Ag Lit Bit
Ag Lit Bit We had the good fortune to spend a week at a cottage we have rented for many years. Somehow this yearly tradition seemed extra special this year for several reasons. First and foremost, we had our family of five together for the first time in a long time. Second, we had picture perfect weather and the lake was very warm. Third, we had new focal points: catching fish, talking, and not the listening to the news.
Being there a few weeks before we normally arrive afforded us the opportunity to see a whole new landscape of nature is not always seen in late August. Of first note was the amazing display of wildflowers (some native and some invasive I have come to find out). While thinking we saw fields of Indian Paintbrush, I came to discover they were Orange Hawkweed. Nonetheless, the orange flora scattered along with other yellow and white flowers close by made for a gorgeous sight.
We also hiked new trails above lakes and looked down on many duckling families as they learned to navigate the water with their mother’s guidance. We even spotted a family of what we learned to be Hooded Mergansers (a mother with 13 following her).
Of course, my favorites were there again, the Bald Eagles. We headed to the same sections of the lake and there they were. Most eagles return to the same nest site and usually the same mate year after year.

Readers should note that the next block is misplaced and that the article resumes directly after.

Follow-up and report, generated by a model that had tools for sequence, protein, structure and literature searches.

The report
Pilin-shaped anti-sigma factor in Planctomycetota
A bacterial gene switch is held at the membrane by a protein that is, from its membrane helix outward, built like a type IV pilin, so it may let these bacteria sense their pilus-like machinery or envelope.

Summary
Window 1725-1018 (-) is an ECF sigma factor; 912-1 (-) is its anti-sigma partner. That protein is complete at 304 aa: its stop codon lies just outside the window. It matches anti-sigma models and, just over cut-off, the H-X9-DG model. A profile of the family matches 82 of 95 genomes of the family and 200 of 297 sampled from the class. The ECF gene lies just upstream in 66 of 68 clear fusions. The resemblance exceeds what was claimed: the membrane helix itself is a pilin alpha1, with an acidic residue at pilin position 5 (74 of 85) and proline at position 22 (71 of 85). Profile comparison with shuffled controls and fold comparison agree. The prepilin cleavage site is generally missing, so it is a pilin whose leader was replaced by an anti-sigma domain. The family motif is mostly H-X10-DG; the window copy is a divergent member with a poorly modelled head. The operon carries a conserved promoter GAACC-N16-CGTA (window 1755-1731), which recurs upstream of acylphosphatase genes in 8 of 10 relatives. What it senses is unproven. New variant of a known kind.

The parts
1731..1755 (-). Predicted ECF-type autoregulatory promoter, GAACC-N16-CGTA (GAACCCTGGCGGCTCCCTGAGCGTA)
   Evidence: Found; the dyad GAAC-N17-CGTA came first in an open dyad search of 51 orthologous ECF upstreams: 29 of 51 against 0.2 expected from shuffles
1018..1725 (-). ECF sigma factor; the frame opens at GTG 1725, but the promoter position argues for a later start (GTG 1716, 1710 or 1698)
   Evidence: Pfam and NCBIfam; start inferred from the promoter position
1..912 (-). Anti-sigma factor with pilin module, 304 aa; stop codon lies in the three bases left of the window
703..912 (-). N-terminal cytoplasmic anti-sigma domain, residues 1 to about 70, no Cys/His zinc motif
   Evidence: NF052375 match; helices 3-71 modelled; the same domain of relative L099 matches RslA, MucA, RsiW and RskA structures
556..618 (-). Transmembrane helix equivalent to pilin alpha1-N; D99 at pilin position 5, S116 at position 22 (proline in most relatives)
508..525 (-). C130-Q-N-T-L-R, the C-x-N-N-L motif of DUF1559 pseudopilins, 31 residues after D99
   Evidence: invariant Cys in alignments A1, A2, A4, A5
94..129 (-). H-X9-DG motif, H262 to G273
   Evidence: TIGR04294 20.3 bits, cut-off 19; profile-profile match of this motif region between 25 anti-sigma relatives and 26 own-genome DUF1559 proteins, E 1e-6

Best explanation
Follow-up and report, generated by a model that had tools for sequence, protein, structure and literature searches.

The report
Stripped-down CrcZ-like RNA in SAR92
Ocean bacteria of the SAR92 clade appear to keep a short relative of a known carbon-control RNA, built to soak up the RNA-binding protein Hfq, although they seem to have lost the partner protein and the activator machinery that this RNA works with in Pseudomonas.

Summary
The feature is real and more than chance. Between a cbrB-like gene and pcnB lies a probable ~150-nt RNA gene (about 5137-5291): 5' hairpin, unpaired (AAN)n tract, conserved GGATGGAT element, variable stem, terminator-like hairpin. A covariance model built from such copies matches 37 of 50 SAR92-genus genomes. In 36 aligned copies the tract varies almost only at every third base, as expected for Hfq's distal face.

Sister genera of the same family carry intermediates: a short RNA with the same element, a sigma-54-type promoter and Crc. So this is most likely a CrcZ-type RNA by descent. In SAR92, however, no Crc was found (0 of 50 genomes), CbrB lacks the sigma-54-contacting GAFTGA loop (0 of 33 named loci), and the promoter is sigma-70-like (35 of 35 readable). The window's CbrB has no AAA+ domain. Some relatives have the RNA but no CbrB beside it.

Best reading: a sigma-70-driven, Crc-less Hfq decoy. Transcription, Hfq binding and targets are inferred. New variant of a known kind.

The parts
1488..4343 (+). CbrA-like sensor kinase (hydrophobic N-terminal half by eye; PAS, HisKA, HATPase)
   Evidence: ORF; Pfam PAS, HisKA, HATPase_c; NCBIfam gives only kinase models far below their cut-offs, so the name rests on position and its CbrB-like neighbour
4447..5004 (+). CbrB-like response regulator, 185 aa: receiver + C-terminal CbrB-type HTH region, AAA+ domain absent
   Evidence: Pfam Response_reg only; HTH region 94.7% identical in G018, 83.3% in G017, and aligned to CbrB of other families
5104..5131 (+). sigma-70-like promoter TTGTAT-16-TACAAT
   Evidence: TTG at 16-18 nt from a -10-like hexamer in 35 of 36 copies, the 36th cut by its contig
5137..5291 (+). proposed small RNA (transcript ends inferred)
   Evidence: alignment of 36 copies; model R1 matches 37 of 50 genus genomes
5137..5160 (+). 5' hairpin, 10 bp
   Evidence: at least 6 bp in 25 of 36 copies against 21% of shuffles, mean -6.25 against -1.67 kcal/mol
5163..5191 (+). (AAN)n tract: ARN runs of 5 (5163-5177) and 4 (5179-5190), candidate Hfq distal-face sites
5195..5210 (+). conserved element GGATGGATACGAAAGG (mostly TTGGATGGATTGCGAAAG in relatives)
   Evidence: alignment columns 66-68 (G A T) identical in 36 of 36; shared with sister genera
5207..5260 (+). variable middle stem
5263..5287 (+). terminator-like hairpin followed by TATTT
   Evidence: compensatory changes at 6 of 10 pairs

Despite the beauty and relaxation of the week, I sure did miss my teachers and our yearly tradition of Summer Ag (SAI). My summer is usually scheduled around SAI and it was sad not to visit farms and businesses to learn about ag in Cook County and Illinois.
It was odd to be away early in the summer as this was, I hope, not “the new normal”. I hope to hop on the bus again next summer and share the incredible sights of agriculture to bring new light and energy to those educating our children, just as my week away energized me.
For a glimpse of what our professional development summer program looks like, visit http://bit.ly/SAI2020 and scroll down to “Video”.